If we live in a culture where market size is synonymous with societal importance, then why aren’t we talking about skin whitening?
In the aftermath of the Black Lives Matter protests around the world last year, colorism (which is defined as discrimination against skin color within a racial or ethnic group — favoring people with lighter skin over those with darker skin) had something of a media moment.
Many articles were written highlighting the fact that some of the very companies that were virtue-signaling their commitment to Black and brown lives in one part of the world, were also manufacturing and marketing products associating lighter skin with prosperity and desirability in another part of the world.
Before we could begin, we needed to understand skin whitening — the products and practices — in its current and varied local contexts, as well as to identify what gaps exist in how skin whitening is covered by international media and seek to understand why women were subjecting themselves to beauty routines that are ultimately damaging to their health.
Over the past several months, we’ve gathered together dozens of people with lived experience of using skin whitening creams, healthcare professionals, regulatory agencies, researchers and academics and others who, for one reason or another, have committed time and other resources to testing products or raising awareness about this harmful practice and its root causes.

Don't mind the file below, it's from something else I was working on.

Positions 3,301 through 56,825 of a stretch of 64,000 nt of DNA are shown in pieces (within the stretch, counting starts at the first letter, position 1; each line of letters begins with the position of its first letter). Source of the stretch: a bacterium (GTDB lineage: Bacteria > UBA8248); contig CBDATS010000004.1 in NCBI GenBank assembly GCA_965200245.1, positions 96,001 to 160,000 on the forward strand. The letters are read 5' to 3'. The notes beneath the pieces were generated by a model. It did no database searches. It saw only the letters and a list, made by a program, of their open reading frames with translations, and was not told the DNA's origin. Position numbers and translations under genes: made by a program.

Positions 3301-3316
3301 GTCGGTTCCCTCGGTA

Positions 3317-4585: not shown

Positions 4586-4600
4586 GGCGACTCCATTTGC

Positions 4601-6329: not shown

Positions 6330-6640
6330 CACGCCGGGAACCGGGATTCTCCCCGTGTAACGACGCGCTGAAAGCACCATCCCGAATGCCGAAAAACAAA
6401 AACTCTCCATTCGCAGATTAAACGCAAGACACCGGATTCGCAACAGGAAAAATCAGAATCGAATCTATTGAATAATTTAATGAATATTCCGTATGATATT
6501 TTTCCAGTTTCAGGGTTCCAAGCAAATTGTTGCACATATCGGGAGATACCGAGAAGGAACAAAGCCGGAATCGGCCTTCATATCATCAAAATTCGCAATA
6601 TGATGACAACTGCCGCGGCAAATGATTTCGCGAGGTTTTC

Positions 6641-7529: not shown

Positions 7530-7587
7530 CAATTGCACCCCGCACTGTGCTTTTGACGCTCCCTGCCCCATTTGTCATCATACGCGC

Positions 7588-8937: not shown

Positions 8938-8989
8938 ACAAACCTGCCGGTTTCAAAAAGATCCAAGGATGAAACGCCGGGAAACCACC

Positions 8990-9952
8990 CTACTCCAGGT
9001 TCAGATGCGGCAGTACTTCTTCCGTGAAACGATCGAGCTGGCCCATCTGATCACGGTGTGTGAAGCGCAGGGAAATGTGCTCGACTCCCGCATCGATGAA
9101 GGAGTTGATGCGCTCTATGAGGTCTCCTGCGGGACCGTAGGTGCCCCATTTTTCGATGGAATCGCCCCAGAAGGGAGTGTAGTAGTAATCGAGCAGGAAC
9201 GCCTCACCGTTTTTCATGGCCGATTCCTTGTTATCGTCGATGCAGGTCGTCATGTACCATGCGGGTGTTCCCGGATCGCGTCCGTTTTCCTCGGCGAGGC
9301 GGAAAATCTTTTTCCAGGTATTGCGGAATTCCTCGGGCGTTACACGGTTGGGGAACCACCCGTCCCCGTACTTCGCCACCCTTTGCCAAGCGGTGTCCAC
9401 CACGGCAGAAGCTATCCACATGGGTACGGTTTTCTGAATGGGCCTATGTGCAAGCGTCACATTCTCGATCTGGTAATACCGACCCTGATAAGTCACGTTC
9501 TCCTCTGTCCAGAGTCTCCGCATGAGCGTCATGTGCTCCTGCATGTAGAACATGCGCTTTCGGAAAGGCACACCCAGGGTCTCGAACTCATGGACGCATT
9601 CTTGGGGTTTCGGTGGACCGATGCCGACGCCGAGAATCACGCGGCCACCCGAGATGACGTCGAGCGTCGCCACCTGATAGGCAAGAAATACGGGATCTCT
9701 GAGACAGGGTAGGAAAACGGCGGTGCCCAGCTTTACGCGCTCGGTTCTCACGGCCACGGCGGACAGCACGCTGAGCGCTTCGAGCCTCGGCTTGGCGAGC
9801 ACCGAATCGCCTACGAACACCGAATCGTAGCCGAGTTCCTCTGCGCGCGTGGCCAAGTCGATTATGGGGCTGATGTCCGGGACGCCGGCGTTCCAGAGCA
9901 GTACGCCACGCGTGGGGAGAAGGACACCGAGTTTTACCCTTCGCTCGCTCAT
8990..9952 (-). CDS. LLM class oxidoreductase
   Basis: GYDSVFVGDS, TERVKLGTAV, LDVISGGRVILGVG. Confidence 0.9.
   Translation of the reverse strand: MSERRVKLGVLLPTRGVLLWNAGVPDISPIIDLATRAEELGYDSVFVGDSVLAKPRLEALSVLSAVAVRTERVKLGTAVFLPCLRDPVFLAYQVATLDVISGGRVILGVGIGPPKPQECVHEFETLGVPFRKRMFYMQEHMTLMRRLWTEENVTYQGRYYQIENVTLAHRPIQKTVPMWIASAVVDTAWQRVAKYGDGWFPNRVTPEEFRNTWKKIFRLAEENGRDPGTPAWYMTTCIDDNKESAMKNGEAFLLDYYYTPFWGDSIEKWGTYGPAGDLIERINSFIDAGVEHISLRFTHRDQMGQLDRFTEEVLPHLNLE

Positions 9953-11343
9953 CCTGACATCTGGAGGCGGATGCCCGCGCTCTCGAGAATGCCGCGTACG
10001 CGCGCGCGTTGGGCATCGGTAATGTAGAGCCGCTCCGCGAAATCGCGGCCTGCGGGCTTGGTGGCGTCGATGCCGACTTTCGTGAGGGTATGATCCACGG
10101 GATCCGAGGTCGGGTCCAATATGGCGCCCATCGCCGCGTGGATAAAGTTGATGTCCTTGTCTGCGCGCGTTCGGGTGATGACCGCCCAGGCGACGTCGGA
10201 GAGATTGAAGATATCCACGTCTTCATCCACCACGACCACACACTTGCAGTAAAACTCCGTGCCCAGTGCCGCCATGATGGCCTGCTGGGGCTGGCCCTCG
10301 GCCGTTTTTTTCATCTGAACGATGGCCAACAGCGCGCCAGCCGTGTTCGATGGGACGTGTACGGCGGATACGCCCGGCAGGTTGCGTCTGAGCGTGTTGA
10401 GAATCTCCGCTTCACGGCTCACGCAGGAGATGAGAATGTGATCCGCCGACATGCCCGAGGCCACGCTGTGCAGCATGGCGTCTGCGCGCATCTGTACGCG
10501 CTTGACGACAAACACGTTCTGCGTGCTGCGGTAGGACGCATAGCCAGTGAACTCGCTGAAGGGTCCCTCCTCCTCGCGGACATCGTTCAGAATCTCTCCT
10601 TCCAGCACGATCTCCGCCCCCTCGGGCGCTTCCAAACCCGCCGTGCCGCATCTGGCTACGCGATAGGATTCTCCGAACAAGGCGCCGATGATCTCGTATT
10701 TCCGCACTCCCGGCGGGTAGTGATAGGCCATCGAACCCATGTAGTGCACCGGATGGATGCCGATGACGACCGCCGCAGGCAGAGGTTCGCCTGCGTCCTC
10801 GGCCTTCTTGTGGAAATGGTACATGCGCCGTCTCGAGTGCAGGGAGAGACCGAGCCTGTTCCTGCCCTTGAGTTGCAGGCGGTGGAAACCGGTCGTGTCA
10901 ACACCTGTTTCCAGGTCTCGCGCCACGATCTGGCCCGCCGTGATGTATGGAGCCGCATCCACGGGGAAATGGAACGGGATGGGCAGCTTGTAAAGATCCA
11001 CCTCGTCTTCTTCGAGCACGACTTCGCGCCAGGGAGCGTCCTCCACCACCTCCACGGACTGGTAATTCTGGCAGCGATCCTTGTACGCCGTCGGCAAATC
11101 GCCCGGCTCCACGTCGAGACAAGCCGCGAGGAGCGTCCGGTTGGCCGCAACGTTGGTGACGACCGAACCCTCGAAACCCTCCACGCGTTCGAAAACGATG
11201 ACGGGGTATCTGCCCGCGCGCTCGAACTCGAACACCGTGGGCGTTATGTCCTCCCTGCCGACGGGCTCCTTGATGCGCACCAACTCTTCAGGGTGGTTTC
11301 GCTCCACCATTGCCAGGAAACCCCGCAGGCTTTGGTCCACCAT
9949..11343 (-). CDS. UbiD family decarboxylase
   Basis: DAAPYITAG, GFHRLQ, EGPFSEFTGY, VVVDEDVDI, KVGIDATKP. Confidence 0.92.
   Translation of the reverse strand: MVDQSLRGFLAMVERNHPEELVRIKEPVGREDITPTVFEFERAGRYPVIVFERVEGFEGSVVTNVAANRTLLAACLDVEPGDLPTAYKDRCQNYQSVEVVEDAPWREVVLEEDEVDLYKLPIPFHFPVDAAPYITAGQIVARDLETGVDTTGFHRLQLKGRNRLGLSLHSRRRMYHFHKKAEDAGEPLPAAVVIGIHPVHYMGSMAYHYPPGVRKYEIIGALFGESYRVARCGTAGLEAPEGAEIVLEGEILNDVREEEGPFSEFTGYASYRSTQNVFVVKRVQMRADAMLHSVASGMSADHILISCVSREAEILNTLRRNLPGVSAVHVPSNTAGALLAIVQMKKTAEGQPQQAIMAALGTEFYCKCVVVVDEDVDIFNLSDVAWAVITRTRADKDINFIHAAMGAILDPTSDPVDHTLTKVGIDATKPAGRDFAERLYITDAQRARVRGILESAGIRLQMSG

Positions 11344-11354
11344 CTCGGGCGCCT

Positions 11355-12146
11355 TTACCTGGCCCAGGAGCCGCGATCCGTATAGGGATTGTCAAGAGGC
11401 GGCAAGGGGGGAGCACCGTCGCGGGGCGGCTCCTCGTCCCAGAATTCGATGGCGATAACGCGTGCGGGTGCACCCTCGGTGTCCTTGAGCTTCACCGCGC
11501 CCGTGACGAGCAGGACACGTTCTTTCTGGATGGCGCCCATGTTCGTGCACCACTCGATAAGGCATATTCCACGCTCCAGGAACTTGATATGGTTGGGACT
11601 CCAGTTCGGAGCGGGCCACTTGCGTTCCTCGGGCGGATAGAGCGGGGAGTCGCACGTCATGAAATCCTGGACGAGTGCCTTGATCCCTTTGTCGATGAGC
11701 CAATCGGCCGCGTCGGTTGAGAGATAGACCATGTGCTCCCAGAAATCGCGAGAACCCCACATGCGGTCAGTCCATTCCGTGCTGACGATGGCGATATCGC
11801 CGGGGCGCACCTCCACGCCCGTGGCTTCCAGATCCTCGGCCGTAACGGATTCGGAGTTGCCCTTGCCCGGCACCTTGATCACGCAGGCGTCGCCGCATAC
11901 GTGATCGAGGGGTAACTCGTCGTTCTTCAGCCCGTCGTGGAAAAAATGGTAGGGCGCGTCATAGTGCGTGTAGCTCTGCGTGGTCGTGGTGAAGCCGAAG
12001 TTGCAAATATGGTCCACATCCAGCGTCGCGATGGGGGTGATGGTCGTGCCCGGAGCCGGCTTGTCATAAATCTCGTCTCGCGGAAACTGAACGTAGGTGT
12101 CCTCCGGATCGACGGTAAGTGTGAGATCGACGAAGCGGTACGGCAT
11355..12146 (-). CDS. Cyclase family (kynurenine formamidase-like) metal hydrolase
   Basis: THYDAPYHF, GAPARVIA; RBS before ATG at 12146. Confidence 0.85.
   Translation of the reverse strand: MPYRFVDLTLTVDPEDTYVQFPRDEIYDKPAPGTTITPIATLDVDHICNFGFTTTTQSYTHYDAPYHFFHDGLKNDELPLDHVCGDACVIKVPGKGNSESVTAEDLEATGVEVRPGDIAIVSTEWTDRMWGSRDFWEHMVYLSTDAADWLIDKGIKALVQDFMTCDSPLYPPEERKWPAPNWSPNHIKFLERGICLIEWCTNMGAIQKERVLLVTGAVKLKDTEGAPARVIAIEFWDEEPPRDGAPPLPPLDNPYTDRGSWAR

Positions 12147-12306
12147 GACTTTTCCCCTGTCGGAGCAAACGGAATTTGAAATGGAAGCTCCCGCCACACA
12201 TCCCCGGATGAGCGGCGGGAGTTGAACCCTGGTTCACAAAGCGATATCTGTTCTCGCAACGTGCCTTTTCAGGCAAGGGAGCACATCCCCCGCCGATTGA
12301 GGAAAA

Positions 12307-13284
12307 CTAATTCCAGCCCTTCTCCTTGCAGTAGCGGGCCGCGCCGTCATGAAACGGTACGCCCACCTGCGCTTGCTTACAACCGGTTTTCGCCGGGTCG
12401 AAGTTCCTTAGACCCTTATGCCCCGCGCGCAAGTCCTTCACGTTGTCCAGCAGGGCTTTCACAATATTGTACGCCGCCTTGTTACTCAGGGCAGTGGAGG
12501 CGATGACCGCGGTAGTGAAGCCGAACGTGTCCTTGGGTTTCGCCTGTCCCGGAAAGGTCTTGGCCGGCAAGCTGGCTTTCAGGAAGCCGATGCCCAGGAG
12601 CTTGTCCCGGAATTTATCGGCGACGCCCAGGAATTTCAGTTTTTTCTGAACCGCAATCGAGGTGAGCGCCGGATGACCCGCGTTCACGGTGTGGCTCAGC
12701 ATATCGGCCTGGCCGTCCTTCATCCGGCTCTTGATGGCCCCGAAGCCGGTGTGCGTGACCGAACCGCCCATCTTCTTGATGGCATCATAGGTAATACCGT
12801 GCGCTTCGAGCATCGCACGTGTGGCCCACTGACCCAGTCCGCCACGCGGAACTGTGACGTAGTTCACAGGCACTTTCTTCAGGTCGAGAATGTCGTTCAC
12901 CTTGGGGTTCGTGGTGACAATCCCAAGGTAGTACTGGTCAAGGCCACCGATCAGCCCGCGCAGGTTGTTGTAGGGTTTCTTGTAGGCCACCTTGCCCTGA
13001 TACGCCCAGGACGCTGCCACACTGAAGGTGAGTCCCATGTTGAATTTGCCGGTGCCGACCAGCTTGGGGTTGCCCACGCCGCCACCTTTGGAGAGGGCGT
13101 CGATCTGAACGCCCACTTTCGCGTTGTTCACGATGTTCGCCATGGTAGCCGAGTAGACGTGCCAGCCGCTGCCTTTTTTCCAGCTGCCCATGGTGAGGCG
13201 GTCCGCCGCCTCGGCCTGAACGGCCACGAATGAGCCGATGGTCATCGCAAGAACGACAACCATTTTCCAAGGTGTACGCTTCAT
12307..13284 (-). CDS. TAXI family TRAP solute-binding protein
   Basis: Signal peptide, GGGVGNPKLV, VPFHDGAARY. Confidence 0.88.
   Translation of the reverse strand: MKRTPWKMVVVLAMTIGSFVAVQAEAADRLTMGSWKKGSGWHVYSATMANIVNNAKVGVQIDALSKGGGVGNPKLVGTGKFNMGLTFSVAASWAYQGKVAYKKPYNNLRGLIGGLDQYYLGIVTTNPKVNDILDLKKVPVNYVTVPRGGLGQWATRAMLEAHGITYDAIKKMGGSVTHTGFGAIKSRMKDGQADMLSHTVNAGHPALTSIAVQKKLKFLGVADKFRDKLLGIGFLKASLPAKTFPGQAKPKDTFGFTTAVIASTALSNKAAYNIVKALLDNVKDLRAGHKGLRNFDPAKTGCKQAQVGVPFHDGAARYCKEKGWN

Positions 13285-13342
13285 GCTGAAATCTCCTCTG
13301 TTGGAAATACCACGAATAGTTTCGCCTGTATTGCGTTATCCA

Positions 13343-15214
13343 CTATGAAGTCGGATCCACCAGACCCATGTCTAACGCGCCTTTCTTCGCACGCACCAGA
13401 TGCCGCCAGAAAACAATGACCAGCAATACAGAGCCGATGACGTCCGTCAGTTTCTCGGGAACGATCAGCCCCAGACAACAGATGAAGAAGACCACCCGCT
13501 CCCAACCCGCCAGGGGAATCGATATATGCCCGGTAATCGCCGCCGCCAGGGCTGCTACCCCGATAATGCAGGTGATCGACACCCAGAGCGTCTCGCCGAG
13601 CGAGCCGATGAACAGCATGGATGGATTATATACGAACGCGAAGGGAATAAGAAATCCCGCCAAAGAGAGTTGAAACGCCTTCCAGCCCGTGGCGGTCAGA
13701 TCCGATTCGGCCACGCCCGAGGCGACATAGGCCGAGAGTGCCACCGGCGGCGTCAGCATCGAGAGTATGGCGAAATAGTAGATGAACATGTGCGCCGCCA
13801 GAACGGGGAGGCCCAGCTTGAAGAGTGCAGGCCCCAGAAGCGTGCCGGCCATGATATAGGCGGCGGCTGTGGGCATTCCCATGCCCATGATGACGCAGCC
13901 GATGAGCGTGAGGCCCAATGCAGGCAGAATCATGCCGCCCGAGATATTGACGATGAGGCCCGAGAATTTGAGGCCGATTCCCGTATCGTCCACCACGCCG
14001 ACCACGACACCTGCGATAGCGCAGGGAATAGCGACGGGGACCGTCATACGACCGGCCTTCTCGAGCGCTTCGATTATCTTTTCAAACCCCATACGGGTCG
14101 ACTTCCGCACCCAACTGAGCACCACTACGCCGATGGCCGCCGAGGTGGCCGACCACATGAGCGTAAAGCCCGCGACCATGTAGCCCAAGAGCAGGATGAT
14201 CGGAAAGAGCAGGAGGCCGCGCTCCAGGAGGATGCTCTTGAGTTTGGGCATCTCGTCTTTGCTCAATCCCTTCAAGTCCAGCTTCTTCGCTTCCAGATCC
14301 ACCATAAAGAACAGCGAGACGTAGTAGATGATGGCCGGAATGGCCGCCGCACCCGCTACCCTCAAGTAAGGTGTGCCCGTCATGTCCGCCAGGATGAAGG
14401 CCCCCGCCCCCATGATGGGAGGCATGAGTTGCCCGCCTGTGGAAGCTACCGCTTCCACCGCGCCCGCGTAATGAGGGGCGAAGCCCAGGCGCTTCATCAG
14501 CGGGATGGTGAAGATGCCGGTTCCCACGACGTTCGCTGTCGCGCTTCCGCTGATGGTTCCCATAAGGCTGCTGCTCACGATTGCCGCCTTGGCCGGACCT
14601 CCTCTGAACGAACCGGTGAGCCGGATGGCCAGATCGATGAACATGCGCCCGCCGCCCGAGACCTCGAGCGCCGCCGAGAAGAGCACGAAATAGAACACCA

We also invited representatives from the skin whitening industry to join us in these conversations but have so far been unsuccessful in getting cosmetic companies around the table.
What we learned from these conversations has convinced us that skin whitening is a global menace masquerading as a helpful solution to the “problem” of dark skin. Toxic Ingredients such as mercury and hydroquinone, that are regulated, routinely make their way into creams; and ultimately the false promise that lighter is better is so heavily marketed, so endemic and unquestioned that women (and in some cultures men, too) go to extreme lengths for “fairer” skin — risks be damned.
You can also join the global conversation on social media by using the hashtag #FightingWhitening.
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